But I feel justified, a little, when a neighbor posted on our neighborhood site, asking if anyone had a copy of Harry Potter #1, so they could start the series with their child. Why yes – I did. I was able to walk it over.

    I love encouraging readers!

  27. So. Many. Books.
    Among my many keepers are all my Crusies (some in multiple forms, many of them signed due to diligent stalking), Dick Francis, Katie Fforde and Trisha Ashley (Brit romcoms), Alex Bledsoe, Jim C. Hines, Patricia Briggs, Elizabeth Moon, Donna Andrews, Katherine Center, Tamora Pierce (also many signed and in multiple editions), Patricia Wrede, Alethea Kontis, Susan Mallery, Susan Wiggs, Lois McMaster Bujold, plus a ton of nonfiction books on witchcraft and magic. Plus cookbooks.

    “Hello. I’m Deborah and I’m a book-a-holic.”

  28. All my Kelley Armstrong books (most of the Otherworld series, some Rockton, some Cainesville). Georgette Heyer’s Frederica, Talisman Ring and Devil’s Cub, No Wind of Blame; there are other books by her, some of which I still haven’t read, but those are the most important paper titles. The Thin Man by Dashiell Hammett – it’s a trade paper I got in junior high that will stay with me no matter how beat up it gets. Crusie books – Faking It, Maybe This Time, Agnes and the Hitman. Origin In Death by JD Robb/Nora Roberts. Carl Hiaasen – Tourist Season and Skinny Dip. Shakespeare – Much Ado About Nothing. Austen – Pride and Prejudice.

    Since I’m at work, I’m not actually able to see my bookshelves right now, and I feel like the list would be longer if I could.

  29. Oh you addicts… I am SOOO in your club as well. I have loads of children’s books that I have loved for 60-some years, but they are all in a bookcase that’s not really that accessible. I can get to them if I need to, though.

    The books I keep closest to me are the ones I know I will re-read, some of them many times, and I have a tendency to want, and to keep, every item by that author. For me, those include Heyer, Austen, Pratchett, Diana Wynne Jones, Crusie and now — darn you guys for getting me hooked! — Bujold’s Vorkosigan saga. I also have one bookcase shelf containing a number of one-off books that I adore, even though the rest by that author I can live without. Things like Good Omens (my only Gaiman), Confederacy of Dunces (well, there WERE no others), Willis’ Bellwether, Adam Rex’s The True Meaning of Smekday, and a few others. I also have multiple copies of the All Souls Trilogy, because I tend to lend or give them to people.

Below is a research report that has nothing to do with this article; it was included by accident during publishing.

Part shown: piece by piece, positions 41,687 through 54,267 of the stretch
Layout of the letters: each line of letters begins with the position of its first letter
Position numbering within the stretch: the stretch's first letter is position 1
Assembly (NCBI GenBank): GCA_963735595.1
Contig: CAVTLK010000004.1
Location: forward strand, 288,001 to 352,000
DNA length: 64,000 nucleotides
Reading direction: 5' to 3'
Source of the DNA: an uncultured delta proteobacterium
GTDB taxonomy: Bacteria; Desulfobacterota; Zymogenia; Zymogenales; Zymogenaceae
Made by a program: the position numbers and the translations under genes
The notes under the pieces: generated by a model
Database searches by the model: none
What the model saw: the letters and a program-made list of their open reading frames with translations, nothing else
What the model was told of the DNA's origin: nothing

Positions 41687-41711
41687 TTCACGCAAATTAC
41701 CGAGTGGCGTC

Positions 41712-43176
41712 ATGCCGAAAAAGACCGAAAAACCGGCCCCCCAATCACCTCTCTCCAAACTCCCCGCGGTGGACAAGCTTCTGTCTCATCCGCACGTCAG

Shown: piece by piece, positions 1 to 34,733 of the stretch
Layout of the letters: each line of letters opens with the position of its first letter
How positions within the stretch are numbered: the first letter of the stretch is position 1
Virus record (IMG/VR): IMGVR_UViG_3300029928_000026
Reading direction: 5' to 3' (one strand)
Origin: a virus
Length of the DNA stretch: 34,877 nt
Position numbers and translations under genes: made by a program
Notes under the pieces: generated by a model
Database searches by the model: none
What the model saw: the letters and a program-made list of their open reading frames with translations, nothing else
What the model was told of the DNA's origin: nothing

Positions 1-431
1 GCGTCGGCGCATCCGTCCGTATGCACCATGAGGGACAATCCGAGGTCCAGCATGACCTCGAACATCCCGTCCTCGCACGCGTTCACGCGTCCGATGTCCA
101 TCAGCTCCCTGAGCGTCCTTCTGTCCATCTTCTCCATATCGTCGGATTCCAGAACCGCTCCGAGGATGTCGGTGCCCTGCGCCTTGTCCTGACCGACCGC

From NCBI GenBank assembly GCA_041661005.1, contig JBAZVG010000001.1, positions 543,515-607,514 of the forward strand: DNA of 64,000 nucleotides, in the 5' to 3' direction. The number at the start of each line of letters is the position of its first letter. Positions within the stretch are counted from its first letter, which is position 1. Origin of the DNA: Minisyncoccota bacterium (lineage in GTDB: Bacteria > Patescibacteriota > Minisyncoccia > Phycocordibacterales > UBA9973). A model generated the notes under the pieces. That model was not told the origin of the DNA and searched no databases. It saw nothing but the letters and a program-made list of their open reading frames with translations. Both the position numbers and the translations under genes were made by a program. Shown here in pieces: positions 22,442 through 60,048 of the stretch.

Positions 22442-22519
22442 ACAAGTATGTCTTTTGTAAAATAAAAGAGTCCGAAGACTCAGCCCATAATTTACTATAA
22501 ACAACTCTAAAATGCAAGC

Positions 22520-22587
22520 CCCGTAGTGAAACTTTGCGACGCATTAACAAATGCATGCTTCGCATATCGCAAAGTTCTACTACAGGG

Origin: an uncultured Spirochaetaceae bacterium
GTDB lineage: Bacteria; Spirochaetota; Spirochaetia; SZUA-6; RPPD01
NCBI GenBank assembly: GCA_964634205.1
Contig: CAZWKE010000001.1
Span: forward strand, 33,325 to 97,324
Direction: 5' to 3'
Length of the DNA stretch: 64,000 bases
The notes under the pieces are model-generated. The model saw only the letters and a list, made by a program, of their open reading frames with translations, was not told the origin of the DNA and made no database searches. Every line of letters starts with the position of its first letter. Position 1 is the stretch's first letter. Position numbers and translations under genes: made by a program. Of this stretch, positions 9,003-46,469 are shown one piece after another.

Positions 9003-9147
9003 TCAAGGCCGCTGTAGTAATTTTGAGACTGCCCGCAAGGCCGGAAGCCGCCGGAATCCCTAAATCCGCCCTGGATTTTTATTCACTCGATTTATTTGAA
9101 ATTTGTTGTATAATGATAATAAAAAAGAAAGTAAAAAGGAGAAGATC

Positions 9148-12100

I like physical books — especially paperbacks, which I find easier to take with me places or to read in bed — and have trouble imagining reading any of my favorites in e-form. It just wouldn’t be the same. An author I love feels like a treasured friend, and the characters in his or her books are a community of treasured friends. I learn stuff about them each time I re-read their books, and enjoy them every bit as much as I did the first time around.

    If I had yarn on any of my shelves I would be donating it to you guys so I could fit more books into their spot, so you’ll probably be kicking me out of your club now….

      1. Doesn’t matter. This is the Book Addicts Anonymous subgroup. Yarn enthusiasts all have the antidote, organized or dis- .

  30. Jenny, who wrote The Uninvited and Green as Spring? I can’t find any books called Green as Spring and I find several called the Uninvited. (I do have The Uninvited Guest by Gorey.)

    1. They’re both books from my childhood.

      The Uninvited is by Dorothy McCardle (also called Uneasy Freehold); it was made into a movie in 1944 which I still have not seen. I think I found the book on some relative’s shelves, and just loved it as a kid even though it’s not a kid’s book. And holy cow, it’s on Kindle: It has 4.5 out of 5 rating on Amazon just in the last two years which is pretty damn good for a book written around 1940. It’s about a brother and sister who get a great deal on country house rental and then find out why: Ghosts.

      Green as Spring is a YA from 1957 by Rosalys Haskell Hall. Incredibly dated (naturally) 50s YA romance, but I swear reading it over and over and over again as a kid gave me the voice I have today. It took me forever to find a copy as an adult; Amazon now has one used at $15 and another one at $50 for some reason. It’s about a high school girl, Franny Gay, who realizes she’s in love with her best friend, Michael, who calls her Muffin Brain. There’s an evil girl as an antagonist, but it’s mostly about the summer between her junior and senior years (I think) before Michael goes off to college. The plot is not much, but the community of Franny’s friends and Franny’s mother and father is just wonderful, and the voice is snarky without being cruel and funny without working at it: when Franny gets sick with poison ivy, her father (who adores her) tells her mother that they should have gotten the baby from Sears, they got everything else there. You can see by the picture on Amazon that it’s ancient (well, sixty years old) and probably falling apart.

      I’ve never read The Uninvited Guest, but I LOVE The Doubtful Guest, especially since the Guest reminds me so much of my old dog, Wolfie (RIP).